Q: Suggestions for my 5 year old who does not eat bread (of any kind!) or meat, lives on sausages, fish fingers/cakes, sausage rolls. He will only eat potatoes that are mashed. He point blank refuses to eat veg but will eat things like chips, potato waffles etc (rubbish basically). He is now on his 3rd yr of packed lunch at school and I just don’t know what to give him anymore. He reacts to anthing remotely bread like – rolls, crumpets, bagels… you name it and he will react to it, some days worse than others. The colour drains from his face and will vomit! HELP!– Claire Wilson
A: Picky eating is a normal part of childhood however with some it can provide a barrier to healthy eating. I would advise firstly using an age appropriate multi-vitamin such as this one: Biocare Children’s Complete Complex This should help boost natural levels of nutrients. Sometimes fussiness around foods and wanted more strongly flavoured food can be indicative of zinc deficiency. I would also advise trying to introduce some of the foods he is less keen on in a more familiar format. To start with using vegetables grated in pasta sauces or in baked goods can help.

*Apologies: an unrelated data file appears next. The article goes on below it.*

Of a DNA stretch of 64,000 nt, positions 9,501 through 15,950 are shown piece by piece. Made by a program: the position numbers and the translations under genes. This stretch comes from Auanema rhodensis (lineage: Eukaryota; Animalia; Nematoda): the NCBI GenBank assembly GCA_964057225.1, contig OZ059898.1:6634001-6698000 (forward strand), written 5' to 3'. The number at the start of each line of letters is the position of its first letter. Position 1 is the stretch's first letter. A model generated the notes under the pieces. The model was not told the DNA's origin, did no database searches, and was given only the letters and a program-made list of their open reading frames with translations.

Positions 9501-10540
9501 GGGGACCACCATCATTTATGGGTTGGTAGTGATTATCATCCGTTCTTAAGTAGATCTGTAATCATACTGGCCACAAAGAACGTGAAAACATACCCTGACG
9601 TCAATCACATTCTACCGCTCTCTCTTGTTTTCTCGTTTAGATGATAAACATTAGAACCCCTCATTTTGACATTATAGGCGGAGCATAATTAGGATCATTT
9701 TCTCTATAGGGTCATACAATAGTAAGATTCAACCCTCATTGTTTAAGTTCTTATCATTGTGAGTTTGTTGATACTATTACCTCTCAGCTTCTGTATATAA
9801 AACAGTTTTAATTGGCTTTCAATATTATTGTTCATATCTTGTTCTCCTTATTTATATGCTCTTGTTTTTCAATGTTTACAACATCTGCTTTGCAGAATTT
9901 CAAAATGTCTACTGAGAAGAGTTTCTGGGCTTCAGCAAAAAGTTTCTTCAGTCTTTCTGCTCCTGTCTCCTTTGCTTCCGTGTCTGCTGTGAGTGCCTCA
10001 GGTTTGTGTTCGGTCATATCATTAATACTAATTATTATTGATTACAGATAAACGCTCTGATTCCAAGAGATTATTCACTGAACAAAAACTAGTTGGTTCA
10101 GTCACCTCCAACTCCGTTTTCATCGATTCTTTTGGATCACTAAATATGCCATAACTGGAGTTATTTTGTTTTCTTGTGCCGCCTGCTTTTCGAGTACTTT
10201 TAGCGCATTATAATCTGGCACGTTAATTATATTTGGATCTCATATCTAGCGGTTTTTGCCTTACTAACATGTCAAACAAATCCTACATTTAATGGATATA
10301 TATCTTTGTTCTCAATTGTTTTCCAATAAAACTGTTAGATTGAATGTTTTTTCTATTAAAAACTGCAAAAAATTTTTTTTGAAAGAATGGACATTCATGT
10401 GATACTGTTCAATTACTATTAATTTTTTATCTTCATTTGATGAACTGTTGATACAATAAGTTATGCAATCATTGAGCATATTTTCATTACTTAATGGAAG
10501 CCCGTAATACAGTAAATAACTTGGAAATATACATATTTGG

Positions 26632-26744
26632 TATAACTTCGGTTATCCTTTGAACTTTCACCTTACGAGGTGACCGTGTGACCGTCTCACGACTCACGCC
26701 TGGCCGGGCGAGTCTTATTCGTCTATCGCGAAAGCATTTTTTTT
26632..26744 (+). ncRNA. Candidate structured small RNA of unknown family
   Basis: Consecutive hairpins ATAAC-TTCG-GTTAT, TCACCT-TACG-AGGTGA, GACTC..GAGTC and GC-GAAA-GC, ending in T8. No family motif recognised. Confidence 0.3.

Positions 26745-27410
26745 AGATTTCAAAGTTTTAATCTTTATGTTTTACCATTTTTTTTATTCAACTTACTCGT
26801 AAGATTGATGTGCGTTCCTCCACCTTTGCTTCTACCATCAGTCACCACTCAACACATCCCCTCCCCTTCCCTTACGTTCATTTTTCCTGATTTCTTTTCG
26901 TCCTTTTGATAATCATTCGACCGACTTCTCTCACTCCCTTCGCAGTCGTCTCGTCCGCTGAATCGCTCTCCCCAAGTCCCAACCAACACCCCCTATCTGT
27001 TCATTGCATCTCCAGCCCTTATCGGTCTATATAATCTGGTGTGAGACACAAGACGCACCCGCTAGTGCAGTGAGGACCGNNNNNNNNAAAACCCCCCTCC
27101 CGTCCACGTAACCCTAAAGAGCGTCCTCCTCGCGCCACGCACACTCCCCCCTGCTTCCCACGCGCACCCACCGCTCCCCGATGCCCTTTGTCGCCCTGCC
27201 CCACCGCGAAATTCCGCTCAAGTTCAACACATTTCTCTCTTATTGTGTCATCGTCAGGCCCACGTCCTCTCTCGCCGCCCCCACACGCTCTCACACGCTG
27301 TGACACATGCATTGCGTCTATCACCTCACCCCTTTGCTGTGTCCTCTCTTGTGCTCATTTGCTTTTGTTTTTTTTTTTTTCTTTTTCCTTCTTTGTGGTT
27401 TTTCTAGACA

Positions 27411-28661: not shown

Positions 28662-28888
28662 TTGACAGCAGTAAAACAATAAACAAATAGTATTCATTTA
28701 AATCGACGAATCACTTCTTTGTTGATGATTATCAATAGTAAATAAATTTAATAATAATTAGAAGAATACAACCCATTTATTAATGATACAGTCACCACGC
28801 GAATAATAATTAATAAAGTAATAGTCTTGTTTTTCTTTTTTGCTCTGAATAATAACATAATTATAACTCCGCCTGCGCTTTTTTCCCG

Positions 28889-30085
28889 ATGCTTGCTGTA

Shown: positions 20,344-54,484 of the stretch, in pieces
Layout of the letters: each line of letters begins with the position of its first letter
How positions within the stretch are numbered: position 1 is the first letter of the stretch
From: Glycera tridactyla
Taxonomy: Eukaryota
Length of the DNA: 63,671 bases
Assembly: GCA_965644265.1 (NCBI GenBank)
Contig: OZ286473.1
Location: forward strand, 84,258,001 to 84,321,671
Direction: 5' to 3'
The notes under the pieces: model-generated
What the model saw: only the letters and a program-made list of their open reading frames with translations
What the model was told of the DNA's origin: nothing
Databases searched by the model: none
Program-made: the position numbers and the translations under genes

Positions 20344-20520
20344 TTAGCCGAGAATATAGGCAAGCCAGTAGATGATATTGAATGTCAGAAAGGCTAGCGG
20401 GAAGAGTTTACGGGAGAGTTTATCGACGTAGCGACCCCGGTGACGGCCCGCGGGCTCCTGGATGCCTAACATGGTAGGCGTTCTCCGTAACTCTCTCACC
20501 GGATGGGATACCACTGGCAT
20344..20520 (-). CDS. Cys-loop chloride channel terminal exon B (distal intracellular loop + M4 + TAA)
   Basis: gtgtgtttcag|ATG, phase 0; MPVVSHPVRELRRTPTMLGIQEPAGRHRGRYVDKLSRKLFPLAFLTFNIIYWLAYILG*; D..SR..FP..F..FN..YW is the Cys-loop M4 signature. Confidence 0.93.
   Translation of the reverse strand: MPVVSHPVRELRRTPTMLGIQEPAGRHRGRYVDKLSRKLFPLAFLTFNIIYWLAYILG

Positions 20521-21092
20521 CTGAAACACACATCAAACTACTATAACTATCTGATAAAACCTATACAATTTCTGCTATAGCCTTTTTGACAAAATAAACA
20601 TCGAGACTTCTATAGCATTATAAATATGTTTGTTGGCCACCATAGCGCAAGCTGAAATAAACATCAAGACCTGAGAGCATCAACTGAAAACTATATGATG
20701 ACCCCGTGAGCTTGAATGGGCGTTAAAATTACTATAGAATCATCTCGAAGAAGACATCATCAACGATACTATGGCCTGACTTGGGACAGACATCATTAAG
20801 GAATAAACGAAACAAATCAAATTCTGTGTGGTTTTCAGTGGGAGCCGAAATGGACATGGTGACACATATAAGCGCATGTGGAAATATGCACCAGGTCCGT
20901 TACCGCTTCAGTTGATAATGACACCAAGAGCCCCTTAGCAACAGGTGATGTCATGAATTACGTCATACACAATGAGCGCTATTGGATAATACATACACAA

A question I am often asked is “how do I get my little one to try wholemeal bread?” Well, I like to use the hare and the tortoise analogy. Say the hare eats a white bread jam sandwich for his lunch. He goes haring off and then falls asleep under a tree. He has had a burst of energy followed by a sudden drop in energy. Now say the tortoise has eaten a wholemeal sandwich with tuna in it. The fibre from the wholemeal bread and the protein in the tuna both act to slow down the release of sugar into the tortoise. He has a consistent level of energy that lasts him all afternoon. We want our children to be more like the tortoise and less like the hare. This means they will have energy, more consistently, for longer. This more consistent level of energy is linked to improved concentration and behaviour in school.